Interview with Claude Bolling
Last week I interviewed Mr. Claude Bolling.
Claude Bolling (born 10 April 1930), is a renowned French jazz pianist, composer, arranger, and occasional actor.
He was born in Cannes, studied at the Nice Conservatory, then in Paris. A child prodigy, by age 14 he was playing jazz piano professionally, with Lionel Hampton, Roy Eldridge, and Kenny Clarke. Bolling’s books on jazz technique show that he did not delve far beyond bebop into much avant garde jazz. He was a major part of the traditional jazz revival in the late 1960s, and he became friends with Oscar Peterson.
He has written music for over one hundred films, mostly French, starting with the score for a 1957 documentary about the Cannes Film Festival, and including the films Borsalino (1970), and California Suite (1978).
Bolling is also noted for a series of “crossover” collaborations with classical musicians. His Suite for Flute and Jazz Piano Trio with Jean-Pierre Rampal, a mix of Baroque elegance with modern swing, has been a top seller for many years, and was followed up by other works in the same vein. It was particularly popular in the United States, at the top of the hit parade for two years after its release and on billboard top 40 for 530 weeks, roughly ten years.
Following his work with Rampal, Bolling went on to work with many other musicians, from different genres, including guitarist Alexandre Lagoya, violinist Pinchas Zukerman, trumpeter Maurice André, and cellist Yo-Yo Ma. He has also worked with, and performed tributes to many others, including Lionel Hampton, Duke Ellington, Stéphane Grappelli, Django Reinhardt, and Oscar Peterson (wikipedia.org).
Mr.Bolling, you’re active in music for more than 7 decades. How has jazz music evolved since you started performing?
When I started performing, I was 14 years old. Jazz was very popular. Free or modern jazz did not exist at this period. Jazz musicians were performing in bars, brasseries, pubs. It was only live music. Today, jazz is not as popular and each style of music has his public.
You played a lot with classical musicians, like Alexandre Lagoya, Jean-Pierre Rampal and Yo Yo Ma. Is jazz the right label for your music? If not, which term do you like better for your music: Crossover Music, Third Stream, or Contemporary Improvisation or none of them?
Jazz is the first music I played and loved. Thanks to jazz, I met very nice and great persons who encouraged me to continue on this way. Jazz is the motor of my life.
The other musics (films, songs, crossover) came later in my career, depending of luck, meeting or friendship. I cannot describe my works. I use to tell : composer, arranger, pianist and bandconductor. But the main thing is always Music !
You have often played with American jazzmusicians and have cooperated with Europeans, like Stephan Grapelli. Do you consider yourself as a representant of European jazz? Do you think jazz in Europe develops a different direction than Jazz oversea?
European (or French) jazz is influenced of course by American jazz and vice versa. Numerous American jazzmen came to Europe in the 40’s just after the war, and 50’s because of American black segregation. So, European musicians who played with them where influenced and then developed their own style.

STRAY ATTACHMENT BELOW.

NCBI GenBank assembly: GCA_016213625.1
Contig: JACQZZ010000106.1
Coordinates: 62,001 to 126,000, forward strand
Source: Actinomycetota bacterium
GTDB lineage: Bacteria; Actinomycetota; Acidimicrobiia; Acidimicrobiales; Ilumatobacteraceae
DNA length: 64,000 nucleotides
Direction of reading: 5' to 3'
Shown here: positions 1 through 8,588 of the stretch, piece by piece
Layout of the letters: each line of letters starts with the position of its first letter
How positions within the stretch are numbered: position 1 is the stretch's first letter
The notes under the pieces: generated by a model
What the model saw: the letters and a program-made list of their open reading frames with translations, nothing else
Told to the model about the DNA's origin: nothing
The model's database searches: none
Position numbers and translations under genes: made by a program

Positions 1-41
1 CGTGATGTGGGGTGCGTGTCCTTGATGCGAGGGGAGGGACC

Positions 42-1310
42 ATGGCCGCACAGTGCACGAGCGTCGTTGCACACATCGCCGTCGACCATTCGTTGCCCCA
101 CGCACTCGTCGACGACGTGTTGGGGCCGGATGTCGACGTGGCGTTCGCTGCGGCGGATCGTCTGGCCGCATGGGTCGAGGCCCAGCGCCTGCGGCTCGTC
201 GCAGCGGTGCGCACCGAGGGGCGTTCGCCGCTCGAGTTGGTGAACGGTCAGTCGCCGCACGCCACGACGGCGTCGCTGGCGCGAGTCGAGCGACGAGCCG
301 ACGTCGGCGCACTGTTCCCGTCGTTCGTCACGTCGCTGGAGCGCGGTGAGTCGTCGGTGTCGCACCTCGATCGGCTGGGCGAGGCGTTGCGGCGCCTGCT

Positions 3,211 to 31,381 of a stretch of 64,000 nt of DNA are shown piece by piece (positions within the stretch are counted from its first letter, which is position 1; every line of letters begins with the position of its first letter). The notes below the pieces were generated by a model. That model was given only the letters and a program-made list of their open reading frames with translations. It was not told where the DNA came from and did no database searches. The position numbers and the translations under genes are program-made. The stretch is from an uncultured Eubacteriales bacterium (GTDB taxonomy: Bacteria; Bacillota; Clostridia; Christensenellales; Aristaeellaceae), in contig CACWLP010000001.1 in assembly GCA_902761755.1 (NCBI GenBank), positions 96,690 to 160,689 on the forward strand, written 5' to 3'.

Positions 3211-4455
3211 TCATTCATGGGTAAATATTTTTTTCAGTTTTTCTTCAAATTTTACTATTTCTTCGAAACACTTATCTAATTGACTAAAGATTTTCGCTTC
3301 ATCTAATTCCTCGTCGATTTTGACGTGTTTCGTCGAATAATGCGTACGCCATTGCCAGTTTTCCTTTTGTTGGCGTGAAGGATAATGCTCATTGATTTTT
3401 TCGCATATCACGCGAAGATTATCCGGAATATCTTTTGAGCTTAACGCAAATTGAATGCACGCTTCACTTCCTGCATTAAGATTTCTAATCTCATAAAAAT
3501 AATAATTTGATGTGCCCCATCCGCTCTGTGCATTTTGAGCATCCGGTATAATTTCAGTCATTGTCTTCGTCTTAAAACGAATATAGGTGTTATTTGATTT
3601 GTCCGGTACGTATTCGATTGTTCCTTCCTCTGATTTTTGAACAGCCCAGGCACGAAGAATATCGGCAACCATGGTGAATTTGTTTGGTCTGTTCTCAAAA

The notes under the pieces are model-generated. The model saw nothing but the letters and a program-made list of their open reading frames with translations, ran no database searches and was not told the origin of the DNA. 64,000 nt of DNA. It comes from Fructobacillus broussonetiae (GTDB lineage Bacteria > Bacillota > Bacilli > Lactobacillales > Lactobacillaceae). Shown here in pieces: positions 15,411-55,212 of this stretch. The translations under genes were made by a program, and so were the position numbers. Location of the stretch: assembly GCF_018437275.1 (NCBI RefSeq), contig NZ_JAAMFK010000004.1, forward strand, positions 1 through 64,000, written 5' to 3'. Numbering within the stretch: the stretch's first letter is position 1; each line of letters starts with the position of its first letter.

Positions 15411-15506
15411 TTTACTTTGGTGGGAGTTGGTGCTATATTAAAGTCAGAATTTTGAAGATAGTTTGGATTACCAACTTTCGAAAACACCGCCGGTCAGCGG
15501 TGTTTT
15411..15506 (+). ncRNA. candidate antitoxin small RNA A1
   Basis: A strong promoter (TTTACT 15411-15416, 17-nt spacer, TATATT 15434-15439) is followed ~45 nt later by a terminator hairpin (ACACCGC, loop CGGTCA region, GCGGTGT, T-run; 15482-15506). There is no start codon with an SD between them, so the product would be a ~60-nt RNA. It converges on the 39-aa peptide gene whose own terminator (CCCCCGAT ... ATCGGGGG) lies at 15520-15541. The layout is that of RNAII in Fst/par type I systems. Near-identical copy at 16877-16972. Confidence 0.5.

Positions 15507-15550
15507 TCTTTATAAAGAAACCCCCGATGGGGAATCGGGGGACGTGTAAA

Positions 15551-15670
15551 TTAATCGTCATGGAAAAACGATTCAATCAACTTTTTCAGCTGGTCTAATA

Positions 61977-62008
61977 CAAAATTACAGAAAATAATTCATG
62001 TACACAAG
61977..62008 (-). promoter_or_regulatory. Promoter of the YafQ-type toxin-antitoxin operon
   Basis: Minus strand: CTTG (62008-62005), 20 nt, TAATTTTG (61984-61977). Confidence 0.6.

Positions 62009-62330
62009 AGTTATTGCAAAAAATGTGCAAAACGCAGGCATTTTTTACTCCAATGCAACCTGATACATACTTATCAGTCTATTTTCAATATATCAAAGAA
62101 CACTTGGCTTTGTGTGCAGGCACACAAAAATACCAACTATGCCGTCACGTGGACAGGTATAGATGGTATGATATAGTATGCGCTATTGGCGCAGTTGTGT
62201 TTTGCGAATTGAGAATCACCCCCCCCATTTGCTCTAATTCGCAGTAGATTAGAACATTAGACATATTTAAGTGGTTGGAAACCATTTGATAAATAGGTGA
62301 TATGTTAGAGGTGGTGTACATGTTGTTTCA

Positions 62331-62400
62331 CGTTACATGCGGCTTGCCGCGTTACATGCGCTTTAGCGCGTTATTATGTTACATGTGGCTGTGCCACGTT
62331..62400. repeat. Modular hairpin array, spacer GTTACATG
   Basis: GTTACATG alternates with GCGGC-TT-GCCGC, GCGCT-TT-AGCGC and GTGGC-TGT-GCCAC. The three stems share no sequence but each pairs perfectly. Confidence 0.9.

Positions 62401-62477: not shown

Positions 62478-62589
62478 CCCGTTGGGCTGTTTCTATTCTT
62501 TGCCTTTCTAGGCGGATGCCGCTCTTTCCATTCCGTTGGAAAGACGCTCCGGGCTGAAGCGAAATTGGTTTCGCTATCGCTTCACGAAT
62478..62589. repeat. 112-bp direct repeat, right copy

You have made solo-albums as well as orchestral Music. What do you prefer yourself? Playing in company or playing piano solo?
Big band or trio or combo or solo are not the same work. Of course I love each one of them. Each is a challenge and I love challenges. If not, why and how could I play it ?!
Charlie Parker. This year it’s fifty-eight years ago he has died . Sheila Jordan said last month to me in an interview: “people don’t talk about him anymore,The younger generation of jazzmusicians say they are inspired by Miles Davis and John Coltrane. Parker is a forgotten part of jazzmusic. That’s a pity, because he is an important part of the jazztradition.” Do you agree with her?
Charlie Parker, exceptional saxophonist, represents for me the beginning of the
evolution of jazz music. I don’t think that is more forgotten then John Coltran.
It’s important to be a member of the saxes section and a good soloist. The audience does not realists the quality of each member of the band when he is not soloist.
Duke Ellington, has been a great example for you. What did you learn from his music?
Everything. From “Black and Tan Fantasy” or “Mood Indigo” his latest compositions. He was a great composer and had the talent of bringing out the special talent of each of his musicians. He wrote his musics in order to bring out deepest saxophone note to the most treble note of the trumpet.
Which musicians are you inspireded by nowadays?
When I started my career, I was influenced by Earl Hines, Teddy Wilson, Art Tatum, Willy “The Lion” Smith and of course Duke Ellington. Duke used to say that he was inspired by all pianists. And I feel pretty much the same.
In 1972 you acted (as a director) in the Jerry Lewis movie “The day the clown cried.” a poignant film about the Holocaust, the life in a death camp. The movie is unreleased. What do you think of this?
There had been a project of a film directed and played by Jerry Lewis for which Jerry asked me to write a score. But it never was achieved because of a money problem with the producer.
Your musical activities span a wide range of styles and combinations. Which projects do you have in store for us?
Actually I have no composition project. My main activity is performing in trio, combo or big band and my project is to play for a long time.
Is there jazz in the future? Jazz has been for the most part well documented by now, but do you think jazz will reach our youth?
Music follows the same way than fashion : up and down, out and in. For example, Jean-Sebastien Bach was quite forgotten during the 19th century and “came back” during the 20th one. So, I hope that swing jazz will be soon popular again.